Environmental

The Aftermath of Hurricane Ian

By: Bianca Fenstermacher

Oct. 12th, 2022: Hurricane Ian killed at least 120 people across the state of Florida and at least five have been reported dead in North Carolina. When Ian made landfall on September 28, record-breaking storm surges of twelve feet devastated the region. Several residents ignored the evacuation warnings, opting to stay in their houses despite the warnings.

One such couple was Mitch Pacyna and his partner of 27 years, Mary Wojciechowski. The two decided to barricade themselves into their home at Fort Myers Beach while updating their friends and family on their situation. Eventually, the couple notified their relatives that they were regretful of their decision to stay instead of leaving. The rush of flood water destroyed the bottom section of their home completely, washing away their personal belongings.

Unfortunately, the water reached Pacyna and Wojciechowski; Pacyna could not swim, as the water was fierce. His body was recovered around 150 yards from their home. Wojciechowski barely survived, clinging to a broken porch until the flood receded. Miraculously, their dog Lulu Bell lived as well. Wojciechowski noted that she would have rather lost their home with her partner still alive.

Their case was not isolated; many from Florida decided staying through the storm would be the best course of action. Some argued that hotels were either too expensive or far away. Others noted that their neighbors were staying too and that they feared their house being broken into. Finally, some stayed because they felt their homes would be safest.

The disastrous storm crashed into bustling beach towns forcefully, with the dangerous murky water leaving a trail of bodies and destroyed homes. Experts have noted that with a hurricane, the wind levels of 150 miles per hour kill far less than the flood waters that sweep people away.

In fact, more than half of the casualties in Florida drowned. An official death tally may take more time as medical examiners determine whether one’s death was caused by the storm or not. For example, a man died after his oxygen tank was turned off due to power outages. While this may normally be classified as a tragic death, it is directly linked to the flood waters knocking out nearby power lines. Many of the victims were between the ages of 55 and 96 (Pacyna himself was 76), with the youngest fatality thus far being 19. Of all the recent hurricanes to strike Florida, Ian has the highest death toll. Hurricane Andrew in 1992 left 44 people dead, Charley in 2004 killed 33, and Irma in 2017 killed 84.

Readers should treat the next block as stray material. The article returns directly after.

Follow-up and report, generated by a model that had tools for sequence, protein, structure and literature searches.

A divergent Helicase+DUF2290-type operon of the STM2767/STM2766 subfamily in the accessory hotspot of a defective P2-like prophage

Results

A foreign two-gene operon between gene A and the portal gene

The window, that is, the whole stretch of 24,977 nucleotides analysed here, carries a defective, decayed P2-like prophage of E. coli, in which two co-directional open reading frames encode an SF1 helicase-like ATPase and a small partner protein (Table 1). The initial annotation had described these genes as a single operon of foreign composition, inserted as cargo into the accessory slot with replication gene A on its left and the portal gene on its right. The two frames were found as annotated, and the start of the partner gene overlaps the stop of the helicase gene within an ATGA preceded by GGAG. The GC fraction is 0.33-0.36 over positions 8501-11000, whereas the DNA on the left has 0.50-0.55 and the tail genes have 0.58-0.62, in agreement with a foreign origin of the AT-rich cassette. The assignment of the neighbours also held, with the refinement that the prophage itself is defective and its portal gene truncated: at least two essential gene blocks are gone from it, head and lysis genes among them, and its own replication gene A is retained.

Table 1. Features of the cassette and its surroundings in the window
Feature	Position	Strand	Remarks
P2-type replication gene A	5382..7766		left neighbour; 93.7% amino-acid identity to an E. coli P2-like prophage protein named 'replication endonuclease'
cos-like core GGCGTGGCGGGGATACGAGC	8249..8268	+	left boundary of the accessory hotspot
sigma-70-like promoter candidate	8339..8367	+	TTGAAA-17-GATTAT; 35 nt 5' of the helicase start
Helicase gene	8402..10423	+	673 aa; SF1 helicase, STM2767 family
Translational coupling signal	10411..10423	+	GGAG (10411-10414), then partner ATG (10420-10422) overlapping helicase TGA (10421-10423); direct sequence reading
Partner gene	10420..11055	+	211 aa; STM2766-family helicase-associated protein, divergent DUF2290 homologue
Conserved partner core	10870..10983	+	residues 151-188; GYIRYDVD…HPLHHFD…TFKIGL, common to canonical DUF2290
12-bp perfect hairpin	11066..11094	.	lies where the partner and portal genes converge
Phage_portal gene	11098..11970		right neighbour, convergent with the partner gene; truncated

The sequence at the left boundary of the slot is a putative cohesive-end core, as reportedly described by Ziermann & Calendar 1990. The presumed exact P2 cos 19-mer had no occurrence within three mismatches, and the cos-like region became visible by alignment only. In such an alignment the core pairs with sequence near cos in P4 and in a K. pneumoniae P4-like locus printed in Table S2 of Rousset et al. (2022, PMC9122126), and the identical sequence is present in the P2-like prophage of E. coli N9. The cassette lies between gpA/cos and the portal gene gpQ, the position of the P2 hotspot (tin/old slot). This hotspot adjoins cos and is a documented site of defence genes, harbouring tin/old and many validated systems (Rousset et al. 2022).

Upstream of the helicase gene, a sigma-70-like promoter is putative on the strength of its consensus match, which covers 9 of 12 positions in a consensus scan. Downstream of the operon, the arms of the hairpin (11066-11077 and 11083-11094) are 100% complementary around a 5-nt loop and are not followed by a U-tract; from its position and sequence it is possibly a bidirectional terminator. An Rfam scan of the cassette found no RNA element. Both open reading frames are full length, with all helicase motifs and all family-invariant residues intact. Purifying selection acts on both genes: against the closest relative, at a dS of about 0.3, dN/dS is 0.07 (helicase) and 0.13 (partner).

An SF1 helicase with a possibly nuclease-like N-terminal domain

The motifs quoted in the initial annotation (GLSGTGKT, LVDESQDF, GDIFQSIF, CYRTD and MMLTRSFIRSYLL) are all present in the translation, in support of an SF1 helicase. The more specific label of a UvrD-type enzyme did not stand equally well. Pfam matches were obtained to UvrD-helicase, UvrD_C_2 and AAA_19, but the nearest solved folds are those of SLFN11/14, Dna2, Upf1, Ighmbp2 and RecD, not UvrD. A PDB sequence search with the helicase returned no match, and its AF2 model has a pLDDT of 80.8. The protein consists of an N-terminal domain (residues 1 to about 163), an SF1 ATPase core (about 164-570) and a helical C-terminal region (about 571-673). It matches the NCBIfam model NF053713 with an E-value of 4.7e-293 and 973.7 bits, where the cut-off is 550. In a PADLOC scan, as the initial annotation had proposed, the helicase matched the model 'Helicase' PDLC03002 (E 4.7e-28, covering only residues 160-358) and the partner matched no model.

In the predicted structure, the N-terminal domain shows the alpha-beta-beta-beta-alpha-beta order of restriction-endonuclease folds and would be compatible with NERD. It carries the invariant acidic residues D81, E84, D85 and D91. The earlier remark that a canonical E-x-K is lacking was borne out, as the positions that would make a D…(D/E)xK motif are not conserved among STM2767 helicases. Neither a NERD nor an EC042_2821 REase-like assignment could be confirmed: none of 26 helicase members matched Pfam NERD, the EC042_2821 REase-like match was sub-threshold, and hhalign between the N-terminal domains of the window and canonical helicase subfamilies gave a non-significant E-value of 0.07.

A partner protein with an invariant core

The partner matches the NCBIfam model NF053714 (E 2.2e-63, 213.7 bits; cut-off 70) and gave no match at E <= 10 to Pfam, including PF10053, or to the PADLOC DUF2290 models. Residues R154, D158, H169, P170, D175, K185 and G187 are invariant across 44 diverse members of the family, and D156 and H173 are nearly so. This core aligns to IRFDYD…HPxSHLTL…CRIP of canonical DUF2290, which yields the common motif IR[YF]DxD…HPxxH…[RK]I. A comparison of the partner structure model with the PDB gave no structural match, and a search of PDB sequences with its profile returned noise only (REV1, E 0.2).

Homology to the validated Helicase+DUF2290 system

The flood waters washed various buildings away, crashing them into other buildings. Homes, and everything in them, were completely ruined. Vacation homes and cottages were destroyed. Some were trapped in their homes where their stairs had been destroyed. Homes were torn from their foundations and moved hundreds of feet from where they had been. More than 600 well-being checks had been issued by worried family members fearing the worst. Cars everywhere were mangled, leaving nothing but twisted wreckage. Interestingly, to save time rescuers place bright orange tags on cars they have already checked for bodies.

The hurricane left a bitter and frightful scene for the residents of the area. Many were left homeless, their possessions lost to the floodwater. The depressing death toll will leave their neighborhoods with a permanent reminder of those who died tragically. Thousands of 911 calls were placed during the disaster, but rescue crews could not reach the callers. More than 13 million were left without power in Florida alone. Ian caused the entire island of Cuba to lose power; thousands in the Carolinas were affected by the outages as well. The impact left by the storm will affect the lives of many for years to come.

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